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Great apes and logging

One of the fiercest dangers to great apes is the destruction of their forest habitat by commercial logging operations. This threat was highlighted in May 2005 at an expert workshop held in Brazzaville, Republic of Congo. In response, Drs. David Morgan and Crickette Sanz have developed a new set of best practices guidelines for the Western Equatorial Africa region, to help blunt the worst effects of tropical logging on the surviving great apes in the region.

Targeted at forestry managers and partners working in logging concessions, these guidelines present practical, straightforward recommendations to help reduce the impact of logging on great apes, including cost-benefit analyses and the expected long-term consequences for great apes in the region. If theseReduced Impact Logging (RIL) guidelines are upheld by professionals working in tropical forestry, they will contribute greatly to the survival of great apes in the region, and will serve as a blueprint for developing site-specific management plans.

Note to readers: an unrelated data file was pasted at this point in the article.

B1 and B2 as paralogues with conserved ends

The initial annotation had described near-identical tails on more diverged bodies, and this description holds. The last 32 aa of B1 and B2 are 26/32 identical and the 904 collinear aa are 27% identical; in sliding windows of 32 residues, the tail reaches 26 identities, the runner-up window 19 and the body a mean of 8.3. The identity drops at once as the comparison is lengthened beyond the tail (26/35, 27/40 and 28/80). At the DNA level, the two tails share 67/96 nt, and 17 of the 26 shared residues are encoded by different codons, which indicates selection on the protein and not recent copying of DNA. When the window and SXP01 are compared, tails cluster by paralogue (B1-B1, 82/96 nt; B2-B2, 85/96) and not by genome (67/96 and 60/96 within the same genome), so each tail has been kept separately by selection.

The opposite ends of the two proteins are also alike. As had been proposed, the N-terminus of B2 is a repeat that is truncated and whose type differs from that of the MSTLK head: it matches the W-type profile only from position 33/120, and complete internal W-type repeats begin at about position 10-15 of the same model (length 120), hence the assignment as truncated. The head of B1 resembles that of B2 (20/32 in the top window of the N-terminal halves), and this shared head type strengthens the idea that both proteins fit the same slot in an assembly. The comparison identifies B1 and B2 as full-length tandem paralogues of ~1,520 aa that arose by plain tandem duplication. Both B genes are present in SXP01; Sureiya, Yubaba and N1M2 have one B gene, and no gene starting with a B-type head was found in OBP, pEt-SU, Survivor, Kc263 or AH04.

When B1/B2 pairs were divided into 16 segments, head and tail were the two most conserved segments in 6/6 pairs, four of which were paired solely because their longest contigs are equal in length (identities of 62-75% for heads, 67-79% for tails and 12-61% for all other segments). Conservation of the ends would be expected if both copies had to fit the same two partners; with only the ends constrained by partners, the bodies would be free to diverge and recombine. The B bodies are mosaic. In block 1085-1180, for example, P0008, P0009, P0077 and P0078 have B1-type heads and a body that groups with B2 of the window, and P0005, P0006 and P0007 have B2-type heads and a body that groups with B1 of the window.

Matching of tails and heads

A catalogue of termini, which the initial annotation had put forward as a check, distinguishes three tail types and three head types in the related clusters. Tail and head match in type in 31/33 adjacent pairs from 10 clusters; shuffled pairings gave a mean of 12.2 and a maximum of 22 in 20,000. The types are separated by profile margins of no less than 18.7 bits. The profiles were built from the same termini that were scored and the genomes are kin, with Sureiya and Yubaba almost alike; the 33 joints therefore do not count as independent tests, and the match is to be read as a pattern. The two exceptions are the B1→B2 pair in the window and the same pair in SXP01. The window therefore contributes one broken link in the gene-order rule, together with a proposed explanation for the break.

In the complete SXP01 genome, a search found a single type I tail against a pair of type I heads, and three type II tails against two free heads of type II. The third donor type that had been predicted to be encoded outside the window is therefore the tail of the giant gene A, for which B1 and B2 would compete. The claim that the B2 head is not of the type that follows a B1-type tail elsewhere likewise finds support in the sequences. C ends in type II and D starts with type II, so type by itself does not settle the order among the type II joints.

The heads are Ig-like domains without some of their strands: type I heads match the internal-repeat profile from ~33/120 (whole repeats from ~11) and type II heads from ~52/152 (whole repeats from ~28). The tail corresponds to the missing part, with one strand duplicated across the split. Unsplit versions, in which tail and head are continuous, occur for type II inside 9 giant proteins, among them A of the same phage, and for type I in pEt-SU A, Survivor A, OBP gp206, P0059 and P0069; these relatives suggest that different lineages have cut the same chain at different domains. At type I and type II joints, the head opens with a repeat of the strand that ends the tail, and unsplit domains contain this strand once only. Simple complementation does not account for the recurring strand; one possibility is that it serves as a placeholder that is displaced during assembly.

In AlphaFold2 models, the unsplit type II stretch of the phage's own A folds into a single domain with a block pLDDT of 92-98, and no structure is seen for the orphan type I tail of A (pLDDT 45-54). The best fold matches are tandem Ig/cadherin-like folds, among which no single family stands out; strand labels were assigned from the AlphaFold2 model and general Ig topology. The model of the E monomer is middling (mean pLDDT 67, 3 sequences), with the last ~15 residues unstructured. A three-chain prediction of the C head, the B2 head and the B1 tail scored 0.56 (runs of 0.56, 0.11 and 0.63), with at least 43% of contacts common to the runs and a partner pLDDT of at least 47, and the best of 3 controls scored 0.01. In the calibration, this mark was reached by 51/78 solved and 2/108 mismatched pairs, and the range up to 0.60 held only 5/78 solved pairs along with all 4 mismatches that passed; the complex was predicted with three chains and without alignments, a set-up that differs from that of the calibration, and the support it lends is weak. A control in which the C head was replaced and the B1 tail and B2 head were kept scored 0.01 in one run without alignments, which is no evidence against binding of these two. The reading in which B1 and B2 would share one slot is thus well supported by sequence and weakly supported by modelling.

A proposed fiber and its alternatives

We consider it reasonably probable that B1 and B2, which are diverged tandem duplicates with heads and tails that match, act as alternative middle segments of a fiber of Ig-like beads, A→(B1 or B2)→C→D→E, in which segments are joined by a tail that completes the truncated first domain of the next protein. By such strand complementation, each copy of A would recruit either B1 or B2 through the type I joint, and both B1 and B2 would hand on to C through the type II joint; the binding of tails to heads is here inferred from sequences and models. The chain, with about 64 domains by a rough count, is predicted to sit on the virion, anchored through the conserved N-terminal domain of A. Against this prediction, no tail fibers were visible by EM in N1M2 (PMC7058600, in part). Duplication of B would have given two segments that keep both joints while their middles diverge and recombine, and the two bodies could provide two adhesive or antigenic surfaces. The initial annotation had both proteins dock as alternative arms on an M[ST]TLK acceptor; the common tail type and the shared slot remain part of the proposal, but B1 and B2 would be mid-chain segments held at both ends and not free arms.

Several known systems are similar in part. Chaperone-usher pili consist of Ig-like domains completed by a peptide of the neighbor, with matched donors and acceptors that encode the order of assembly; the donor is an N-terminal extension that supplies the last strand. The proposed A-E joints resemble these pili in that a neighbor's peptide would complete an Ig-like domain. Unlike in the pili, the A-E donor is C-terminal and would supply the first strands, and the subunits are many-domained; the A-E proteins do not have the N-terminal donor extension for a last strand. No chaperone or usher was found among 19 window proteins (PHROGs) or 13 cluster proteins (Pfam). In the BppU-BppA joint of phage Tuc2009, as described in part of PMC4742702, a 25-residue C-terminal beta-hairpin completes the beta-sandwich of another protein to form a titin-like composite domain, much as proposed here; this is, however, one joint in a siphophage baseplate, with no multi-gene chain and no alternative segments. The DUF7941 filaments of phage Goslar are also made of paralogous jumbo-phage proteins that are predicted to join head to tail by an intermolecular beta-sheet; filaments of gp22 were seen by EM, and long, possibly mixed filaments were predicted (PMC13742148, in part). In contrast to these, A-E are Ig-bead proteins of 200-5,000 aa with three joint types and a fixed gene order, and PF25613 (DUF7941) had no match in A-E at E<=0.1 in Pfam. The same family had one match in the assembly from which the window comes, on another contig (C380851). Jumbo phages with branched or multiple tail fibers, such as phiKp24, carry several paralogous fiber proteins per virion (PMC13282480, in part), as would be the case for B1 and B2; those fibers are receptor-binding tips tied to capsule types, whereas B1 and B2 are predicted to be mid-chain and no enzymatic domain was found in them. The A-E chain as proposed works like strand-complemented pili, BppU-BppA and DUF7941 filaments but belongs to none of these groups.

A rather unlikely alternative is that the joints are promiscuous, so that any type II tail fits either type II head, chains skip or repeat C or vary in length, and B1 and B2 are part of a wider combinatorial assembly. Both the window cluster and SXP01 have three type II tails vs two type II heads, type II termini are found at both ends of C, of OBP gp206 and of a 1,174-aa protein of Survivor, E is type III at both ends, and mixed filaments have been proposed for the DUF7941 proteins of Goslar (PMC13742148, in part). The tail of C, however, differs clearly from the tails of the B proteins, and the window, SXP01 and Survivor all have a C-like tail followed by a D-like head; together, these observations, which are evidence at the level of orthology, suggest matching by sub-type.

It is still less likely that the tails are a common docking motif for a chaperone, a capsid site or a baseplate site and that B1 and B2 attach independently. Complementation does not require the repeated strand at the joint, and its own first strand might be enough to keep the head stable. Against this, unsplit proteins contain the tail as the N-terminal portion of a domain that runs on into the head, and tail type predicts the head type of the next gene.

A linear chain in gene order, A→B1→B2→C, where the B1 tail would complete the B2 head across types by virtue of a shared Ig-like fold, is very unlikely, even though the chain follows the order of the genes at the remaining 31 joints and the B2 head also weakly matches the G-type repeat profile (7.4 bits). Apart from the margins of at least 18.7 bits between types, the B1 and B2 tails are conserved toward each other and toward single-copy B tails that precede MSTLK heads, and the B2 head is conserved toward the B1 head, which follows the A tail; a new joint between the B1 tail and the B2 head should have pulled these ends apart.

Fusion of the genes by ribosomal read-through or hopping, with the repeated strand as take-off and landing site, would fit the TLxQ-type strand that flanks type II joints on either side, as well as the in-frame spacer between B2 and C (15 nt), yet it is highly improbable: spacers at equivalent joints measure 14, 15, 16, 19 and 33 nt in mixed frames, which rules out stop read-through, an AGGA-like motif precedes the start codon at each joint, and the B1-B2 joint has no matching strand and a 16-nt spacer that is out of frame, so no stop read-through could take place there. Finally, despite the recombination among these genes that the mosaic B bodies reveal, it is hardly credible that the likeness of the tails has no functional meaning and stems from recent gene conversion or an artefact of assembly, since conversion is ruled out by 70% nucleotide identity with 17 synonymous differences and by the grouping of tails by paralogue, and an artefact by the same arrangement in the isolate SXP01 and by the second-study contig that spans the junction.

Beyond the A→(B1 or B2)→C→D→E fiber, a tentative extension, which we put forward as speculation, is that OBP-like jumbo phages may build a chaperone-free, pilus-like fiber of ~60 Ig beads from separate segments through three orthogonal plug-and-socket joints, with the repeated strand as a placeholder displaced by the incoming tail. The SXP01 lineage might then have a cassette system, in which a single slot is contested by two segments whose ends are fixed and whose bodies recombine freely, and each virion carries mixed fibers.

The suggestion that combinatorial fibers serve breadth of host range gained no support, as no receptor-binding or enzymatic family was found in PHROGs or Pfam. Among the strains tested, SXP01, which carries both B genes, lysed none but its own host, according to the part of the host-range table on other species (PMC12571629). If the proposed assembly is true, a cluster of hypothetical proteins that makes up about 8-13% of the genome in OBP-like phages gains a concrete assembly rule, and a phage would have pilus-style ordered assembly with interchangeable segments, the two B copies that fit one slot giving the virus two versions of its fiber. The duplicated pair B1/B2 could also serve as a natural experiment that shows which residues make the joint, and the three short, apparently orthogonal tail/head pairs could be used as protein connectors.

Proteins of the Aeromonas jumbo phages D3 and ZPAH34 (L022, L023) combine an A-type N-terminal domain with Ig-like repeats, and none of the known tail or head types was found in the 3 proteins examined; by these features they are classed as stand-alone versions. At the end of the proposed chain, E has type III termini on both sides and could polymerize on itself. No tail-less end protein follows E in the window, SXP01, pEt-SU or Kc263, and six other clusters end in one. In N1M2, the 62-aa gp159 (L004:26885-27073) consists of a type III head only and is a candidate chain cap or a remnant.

The RIL guidelines were followed by guidelines developed specifically for use by logging concession managers aspiring to Forest Stewardship Council (FSC) certification. This document outlines a framework within which logging companies adhering to FSC certification can be the catalyst needed to ensure the long-term preservation of African apes. Specific guidelines and practical considerations are provided as to how and why forestry and conservation practitioners should collaborate in maintaining wildlife.

Full PDFs of both publications are available in English and in French:

Citation: Morgan, D. & Sanz, C. (2007). Best Practice Guidelines for Reducing the Impact of Commercial Logging on Great Apes in Western Equatorial Africa. IUCN SSC Primate Specialist Group, Gland, Switzerland.

Citation: Morgan, D., Sanz, C., Greer, D., Rayden, T., Maisels, F. & Williamson, E.A. (2013). Great Apes and FSC: Implementing ‘Ape Friendly’ Practices in Central Africa’s Logging Concessions. IUCN SSC Primate Specialist Group, Gland, Switzerland.

Best Practice Guidelines for Reducing the Impact of Commercial Logging
Great Apes and FSC: Implementing 'Ape Friendly' Practices in Central Africa's Logging Concessions
Chimpanzees